View serializability is a type of operation in the serializable in which each transaction should produce some result and these results are the output of proper sequential execution of the data item. Unlike conflict serialized, the view serializability focuses on preventing inconsistency in the database. In DBMS, the view serializability provides the user to view the database in a conflicting way.
In DBMS, we should understand schedules S1 and S2 to understand view serializability better. These two schedules should be created with the help of two transactions T1 and T2. To maintain the equivalent of the transaction each schedule has to obey the three transactions. These three conditions are as follows.
Testing of Serializability in DBMS with Examples
Serializability is a type of property of DBMS in which each transaction is executed independently and automatically, even though these transactions are executed concurrently. In other words, we can say that if there are several transactions executed concurrently, then the main work of the serializability function is to arrange these several transactions in a sequential manner.
For better understanding, let's explain these with an example. Suppose there are two users Sona and Archita. Each executes two transactions. Let's transactions T1 and T2 are executed by Sona, and T3 and T4 are executed by Archita. Suppose transaction T1 reads and writes the data item A, transaction T2 reads the data item B, transaction T3 reads and writes the data item C and transaction T4 reads the data item D. Lets the schedule the above transaction as below.
Let's first discuss why these transactions are not serializable.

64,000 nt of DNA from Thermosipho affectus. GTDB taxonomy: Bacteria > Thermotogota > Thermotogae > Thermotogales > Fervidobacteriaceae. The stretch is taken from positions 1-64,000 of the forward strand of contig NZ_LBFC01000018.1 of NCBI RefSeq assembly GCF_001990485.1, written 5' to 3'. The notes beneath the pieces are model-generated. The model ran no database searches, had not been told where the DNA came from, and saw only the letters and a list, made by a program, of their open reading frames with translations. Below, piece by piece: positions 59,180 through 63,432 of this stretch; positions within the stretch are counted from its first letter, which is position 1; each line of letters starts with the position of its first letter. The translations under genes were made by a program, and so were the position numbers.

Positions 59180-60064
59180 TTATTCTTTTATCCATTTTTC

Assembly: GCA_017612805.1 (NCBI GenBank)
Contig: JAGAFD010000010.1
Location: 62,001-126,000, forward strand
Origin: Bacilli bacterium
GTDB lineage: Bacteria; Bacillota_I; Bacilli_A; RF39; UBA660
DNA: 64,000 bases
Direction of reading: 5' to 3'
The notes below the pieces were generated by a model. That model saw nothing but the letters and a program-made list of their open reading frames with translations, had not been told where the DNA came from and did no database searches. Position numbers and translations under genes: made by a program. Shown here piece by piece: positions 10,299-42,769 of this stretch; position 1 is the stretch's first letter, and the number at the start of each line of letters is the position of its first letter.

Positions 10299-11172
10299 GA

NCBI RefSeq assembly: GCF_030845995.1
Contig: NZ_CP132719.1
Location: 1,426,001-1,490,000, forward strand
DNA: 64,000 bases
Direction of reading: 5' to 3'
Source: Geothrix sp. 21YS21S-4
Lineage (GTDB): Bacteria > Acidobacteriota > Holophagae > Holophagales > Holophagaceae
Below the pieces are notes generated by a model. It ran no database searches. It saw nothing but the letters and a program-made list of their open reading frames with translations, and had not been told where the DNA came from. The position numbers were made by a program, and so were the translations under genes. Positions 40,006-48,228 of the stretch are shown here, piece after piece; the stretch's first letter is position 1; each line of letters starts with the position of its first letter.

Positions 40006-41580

In order for a schedule to be considered serializable, it must first satisfy the conflict serializability property. In our example schedule above, notice that Transaction 1 (T1) and Transaction 2 (T2) read data item B before either writing it. This causes a conflict between T1 and T2 because they are both trying to read and write the same data item concurrently. Therefore, the given schedule does not conflict with serializability.
However, there is another type of serializability called view serializability which our example does satisfy. View serializability requires that if two transactions cannot see each other's updates (i.e., one transaction cannot see the effects of another concurrent transaction), the schedule is considered to view serializable. In our example, Transaction 2 (T2) cannot see any updates made by Transaction 4 (T4) because they do not share common data items. Therefore, the schedule is viewed as serializable.
It's important to note that conflict serializability is a stronger property than view serializability because it requires that all potential conflicts be resolved before any updates are made (i.e., each transaction must either read or write each data item before any other transaction can write it). View serializability only requires that if two transactions cannot see each other's updates, then the schedule is view serializable & it doesn't matter whether or not there are potential conflicts between them.
All in all, both properties are necessary for ensuring correctness in concurrent transactions in a database management system.
Benefits of Serializability in DBMS
Below are the benefits of using the serializable in the database.
DBMS transactions must follow the ACID properties to be considered serializable. There are different types of serializability in DBMS, each with its own benefits and drawbacks. In most cases, selecting the right type of serializability will come down to a trade-off between performance and correctness.
Selecting the wrong type of serializability can lead to errors in your database that can be difficult to debug and fix. Hopefully, this guide has given you a better understanding of how Serializability in DBMS works and what kinds of serializability exist.